Brooklyn primarily takes a top-10 spot not for its game-day experience but because of its quality of life. This place has a relatively high income after housing, and there are plenty of ways to spend your money other than at a Cyclones game. Dining and entertainment establishments make up 13% of all establishments in the city.

baseball towns

Data and Methodology

In order to rank the best minor league baseball towns, SmartAsset analyzed data on 159 minor league baseball towns. Specifically, we looked at data on the following nine metrics:

Game Day Experience Factors:

  • Average attendance. This is the average number of fans who attended each game. Data comes from milb.com and is for the 2018 season.
  • Average attendance as a percent of max capacity. Data on attendance for the 2018 season comes from milb.com and data on max capacity comes from www.baseballpilgrimages.com.
  • Win percentage. Data comes from www.baseballamerica.com and is for the 2018 season.
  • Minor league class. There are six minor league classes (Triple-A, Double-A, High Class A, Low Class A, Class A Short, Rookie). We gave cities with higher class teams a better score.

Quality of Life Factors:

  • Violent crime rate. This is the number of violent crimes per 100,000 residents. Data comes from the 2016 and 2015 FBI Uniform Crime Reporting database. For cities where there was no data available, we used the average from all cities in the study.
  • Property crime rate. This is the number of property crimes per 100,000 residents. Data comes from the 2016 and 2015 FBI Uniform Crime Reporting database. For cities where there was no data available we used the average from all cities in the study.
  • Income after housing. This is median household income minus median housing costs. Data comes from the U.S. Census Bureau’s 2016 American Community Survey.
  • Unemployment rate. Data comes from the BLS and is the unemployment rate from May 2017 to June 2018.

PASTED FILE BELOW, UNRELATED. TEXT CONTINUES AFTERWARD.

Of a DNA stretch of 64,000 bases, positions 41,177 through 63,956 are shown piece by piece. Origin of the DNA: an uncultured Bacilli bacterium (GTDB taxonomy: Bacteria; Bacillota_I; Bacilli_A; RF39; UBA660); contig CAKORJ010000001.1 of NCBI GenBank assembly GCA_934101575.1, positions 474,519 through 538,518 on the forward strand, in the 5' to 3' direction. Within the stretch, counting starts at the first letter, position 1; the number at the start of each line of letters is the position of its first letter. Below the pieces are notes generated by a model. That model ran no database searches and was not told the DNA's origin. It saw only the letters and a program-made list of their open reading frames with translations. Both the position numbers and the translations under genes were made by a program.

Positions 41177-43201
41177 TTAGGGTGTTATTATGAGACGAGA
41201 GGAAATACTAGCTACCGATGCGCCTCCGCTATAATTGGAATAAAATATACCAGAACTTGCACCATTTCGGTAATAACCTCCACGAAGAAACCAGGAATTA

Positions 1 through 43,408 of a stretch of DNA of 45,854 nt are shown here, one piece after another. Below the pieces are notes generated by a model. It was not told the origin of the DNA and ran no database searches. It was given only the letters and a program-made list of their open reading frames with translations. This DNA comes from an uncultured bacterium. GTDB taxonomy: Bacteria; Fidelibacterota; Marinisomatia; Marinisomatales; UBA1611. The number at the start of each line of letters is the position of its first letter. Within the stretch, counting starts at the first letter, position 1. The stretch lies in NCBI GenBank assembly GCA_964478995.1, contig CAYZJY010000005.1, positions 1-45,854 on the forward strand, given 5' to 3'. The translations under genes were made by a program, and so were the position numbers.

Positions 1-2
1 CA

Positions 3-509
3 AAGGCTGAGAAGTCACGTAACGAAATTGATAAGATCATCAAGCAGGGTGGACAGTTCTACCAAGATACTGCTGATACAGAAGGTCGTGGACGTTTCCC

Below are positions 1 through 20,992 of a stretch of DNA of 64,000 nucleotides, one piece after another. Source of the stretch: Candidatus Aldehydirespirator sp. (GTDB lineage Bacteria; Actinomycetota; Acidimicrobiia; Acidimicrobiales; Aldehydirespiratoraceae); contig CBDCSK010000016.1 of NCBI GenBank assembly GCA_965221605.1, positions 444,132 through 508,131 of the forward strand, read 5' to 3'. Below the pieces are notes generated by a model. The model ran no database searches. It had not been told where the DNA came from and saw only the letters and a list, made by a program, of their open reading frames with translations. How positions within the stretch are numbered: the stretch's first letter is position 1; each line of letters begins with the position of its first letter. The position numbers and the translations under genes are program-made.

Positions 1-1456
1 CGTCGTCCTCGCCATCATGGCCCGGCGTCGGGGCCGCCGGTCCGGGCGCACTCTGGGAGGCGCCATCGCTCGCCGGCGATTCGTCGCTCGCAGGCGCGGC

• Dining and entertainment establishments. This is the number of bars, restaurants and entertainment establishments as a percent of all establishments. Data comes from the Census Bureau’s Business Patterns Survey and is for 2016.

First we ranked each city in each factor. We created separate indices for quality of life metrics and game day experience metrics assigning a score to each based upon their rankings in each category. All metrics received equal weighting, except property crime rate per 100,000 residents. We then averaged the two indexes to create our final score. We ranked the cities from highest to lowest based upon this score.

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Questions about our study? Contact us at press@smartasset.com.

Photo credit: ©iStock.com/gyro

Derek Miller, CEPF® Derek Miller is a graduate of the University of Edinburgh where he studied economics. He is passionate about using data to help people make better financial decisions. Derek is a Certified Educator in Personal Finance® (CEPF®) and a member of the Society for Advancing Business Editing and Writing. He is a data journalist whose expertise is in finding the stories within the numbers. Derek's writing has been featured on Yahoo, AOL, and Huffington Post. He believes the biggest financial mistake people make is waiting too late to save for retirement and missing out on the wonders of compounding interest. Derek lives in Brooklyn.